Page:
His getting his children involved in agribusiness is the opposite of what many farmers are doing, which is to make sure that their kids get a job in the city so they don’t have to experience the hardship of farming. “Why hardship? Because they don’t make money. Why don’t they make money? Because they have a marketing problem,” Gancenia says. “They have skills. They know how to farm. But they have a problem with marketing and selling [their goods].”

It’s no secret that there are less and less people willing to till the fields. It’s a concern that worries a lot of people for many reasons that include economic and food insecurity. Gancenia thinks this can be reversed if people see that farming can be lucrative when done properly. “If we educate [the public about how] farmers can get rich, that they can earn millions, many will see the potential and that it’s not all hardship,” he says. “If everyone would realize how much you can make as a farmer if you [cultivate] and market your produce right, I’m sure we wouldn’t have a problem about the next generation of farmers.”

Getting paid to do what he loves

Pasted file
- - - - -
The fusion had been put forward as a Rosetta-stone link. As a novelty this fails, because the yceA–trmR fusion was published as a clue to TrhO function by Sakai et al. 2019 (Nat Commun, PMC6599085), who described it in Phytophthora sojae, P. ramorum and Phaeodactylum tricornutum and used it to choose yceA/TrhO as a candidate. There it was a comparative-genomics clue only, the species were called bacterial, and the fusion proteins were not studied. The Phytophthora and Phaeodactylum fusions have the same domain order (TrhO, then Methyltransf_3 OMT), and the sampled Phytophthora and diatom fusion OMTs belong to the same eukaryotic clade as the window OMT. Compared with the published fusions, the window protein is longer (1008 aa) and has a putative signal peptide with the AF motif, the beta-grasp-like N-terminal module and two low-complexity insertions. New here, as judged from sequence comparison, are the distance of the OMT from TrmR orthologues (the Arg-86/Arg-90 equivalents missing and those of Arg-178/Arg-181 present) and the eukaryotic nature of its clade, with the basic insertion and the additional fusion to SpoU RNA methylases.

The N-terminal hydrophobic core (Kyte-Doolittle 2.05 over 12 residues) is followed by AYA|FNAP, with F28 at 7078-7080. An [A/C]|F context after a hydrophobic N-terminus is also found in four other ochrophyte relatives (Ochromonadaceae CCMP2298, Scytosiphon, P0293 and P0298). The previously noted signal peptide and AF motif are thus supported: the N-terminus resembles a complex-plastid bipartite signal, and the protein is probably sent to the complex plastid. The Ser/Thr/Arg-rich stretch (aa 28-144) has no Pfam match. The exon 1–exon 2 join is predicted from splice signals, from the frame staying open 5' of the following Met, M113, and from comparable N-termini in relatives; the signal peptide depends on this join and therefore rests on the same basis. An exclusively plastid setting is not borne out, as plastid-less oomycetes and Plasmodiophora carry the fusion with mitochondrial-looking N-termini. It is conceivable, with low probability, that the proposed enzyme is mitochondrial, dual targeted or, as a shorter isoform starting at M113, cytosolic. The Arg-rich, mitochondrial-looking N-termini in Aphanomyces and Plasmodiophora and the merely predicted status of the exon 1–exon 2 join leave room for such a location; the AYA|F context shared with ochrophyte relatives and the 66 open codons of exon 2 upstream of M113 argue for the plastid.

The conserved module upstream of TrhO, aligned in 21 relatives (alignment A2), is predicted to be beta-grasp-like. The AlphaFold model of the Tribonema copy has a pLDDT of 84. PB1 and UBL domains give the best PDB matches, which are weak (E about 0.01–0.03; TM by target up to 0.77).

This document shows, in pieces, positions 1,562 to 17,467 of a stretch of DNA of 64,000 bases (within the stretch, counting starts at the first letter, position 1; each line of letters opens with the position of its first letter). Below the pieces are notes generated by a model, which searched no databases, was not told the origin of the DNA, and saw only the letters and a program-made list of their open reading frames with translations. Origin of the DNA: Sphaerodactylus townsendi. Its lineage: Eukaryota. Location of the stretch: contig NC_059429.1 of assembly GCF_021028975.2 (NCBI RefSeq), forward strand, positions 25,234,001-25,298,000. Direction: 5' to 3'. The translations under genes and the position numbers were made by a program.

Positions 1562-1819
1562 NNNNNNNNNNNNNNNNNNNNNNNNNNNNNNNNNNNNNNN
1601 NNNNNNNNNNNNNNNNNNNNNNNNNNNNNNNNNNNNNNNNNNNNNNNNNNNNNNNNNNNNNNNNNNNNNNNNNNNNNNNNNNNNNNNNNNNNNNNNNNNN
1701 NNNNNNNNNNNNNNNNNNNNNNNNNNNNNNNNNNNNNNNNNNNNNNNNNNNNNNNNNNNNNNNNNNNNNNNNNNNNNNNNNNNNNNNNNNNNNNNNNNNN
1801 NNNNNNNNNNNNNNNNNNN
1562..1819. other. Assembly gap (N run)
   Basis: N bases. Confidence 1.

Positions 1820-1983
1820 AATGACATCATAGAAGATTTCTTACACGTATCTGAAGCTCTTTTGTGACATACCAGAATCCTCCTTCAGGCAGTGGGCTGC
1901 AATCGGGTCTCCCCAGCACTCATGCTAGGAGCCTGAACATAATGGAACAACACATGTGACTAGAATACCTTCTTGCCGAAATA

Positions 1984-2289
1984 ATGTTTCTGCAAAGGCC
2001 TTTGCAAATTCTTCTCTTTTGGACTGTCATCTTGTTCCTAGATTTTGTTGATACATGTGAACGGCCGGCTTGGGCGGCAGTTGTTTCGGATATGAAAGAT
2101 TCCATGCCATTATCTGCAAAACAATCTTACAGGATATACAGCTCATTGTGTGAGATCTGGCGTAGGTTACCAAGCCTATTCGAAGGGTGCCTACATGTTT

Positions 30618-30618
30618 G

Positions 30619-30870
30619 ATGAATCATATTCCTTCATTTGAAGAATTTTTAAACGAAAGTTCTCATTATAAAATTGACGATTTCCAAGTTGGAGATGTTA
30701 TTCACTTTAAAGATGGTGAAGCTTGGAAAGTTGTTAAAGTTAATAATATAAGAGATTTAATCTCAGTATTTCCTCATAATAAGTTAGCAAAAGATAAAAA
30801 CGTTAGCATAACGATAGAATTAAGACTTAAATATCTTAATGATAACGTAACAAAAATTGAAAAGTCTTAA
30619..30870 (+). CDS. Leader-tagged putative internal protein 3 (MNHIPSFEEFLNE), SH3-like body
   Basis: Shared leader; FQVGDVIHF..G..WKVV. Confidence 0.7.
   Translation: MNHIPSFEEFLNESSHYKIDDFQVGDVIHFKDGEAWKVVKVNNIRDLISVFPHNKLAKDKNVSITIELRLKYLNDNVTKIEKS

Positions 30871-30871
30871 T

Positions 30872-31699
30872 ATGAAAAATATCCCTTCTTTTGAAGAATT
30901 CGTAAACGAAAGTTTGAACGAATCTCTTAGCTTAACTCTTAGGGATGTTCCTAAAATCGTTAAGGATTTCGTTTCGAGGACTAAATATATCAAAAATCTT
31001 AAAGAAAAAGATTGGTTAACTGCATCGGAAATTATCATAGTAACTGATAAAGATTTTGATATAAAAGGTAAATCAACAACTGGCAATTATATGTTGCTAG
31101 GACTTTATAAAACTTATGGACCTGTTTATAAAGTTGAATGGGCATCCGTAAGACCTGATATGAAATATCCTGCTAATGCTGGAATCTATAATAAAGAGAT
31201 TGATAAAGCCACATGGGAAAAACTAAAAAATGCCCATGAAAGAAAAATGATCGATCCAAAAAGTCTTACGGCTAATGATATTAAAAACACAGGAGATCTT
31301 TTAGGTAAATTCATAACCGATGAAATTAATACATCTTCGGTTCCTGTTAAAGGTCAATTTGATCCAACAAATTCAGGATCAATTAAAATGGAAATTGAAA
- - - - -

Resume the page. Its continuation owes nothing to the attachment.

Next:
Gancenia is one of a growing number of people who have found a way to get paid highly to do what he loves. “What’s nice is I get to do what I love, which is related to video production,” he says. “I’ve gone through many businesses but in the end, the one that makes the most money is the one based on my skills [as a video editor], it just so happens that I’ve concentrated on agriculture.”

Gancenia loves meeting new people and learning from their experiences.

He didn’t know it, but it was his very first job that would plant the seeds of what would eventually become his most successful business, one that continues to grow. Gancenia hopes to produce content for more YouTube channels which will also cater to Filipino knowledge and learning. He acknowledges that he’s been very blessed, and wants to share what he’s learned with as many people as he can.

“Do you know the feeling of being able to share information and help people and what’s great is that you also earn from it? Where can you find that kind of business?”

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Yvette Tan
Yvette Tan is Agriculture magazine's managing editor’s web editor. She is an award-winning writer who likes to eat, travel, and listen to stories about the strange and supernatural. She is dedicated to encouraging people to push for sustainable food sources and is an advocate of food security, food sovereignty, and the preservation of community foodways.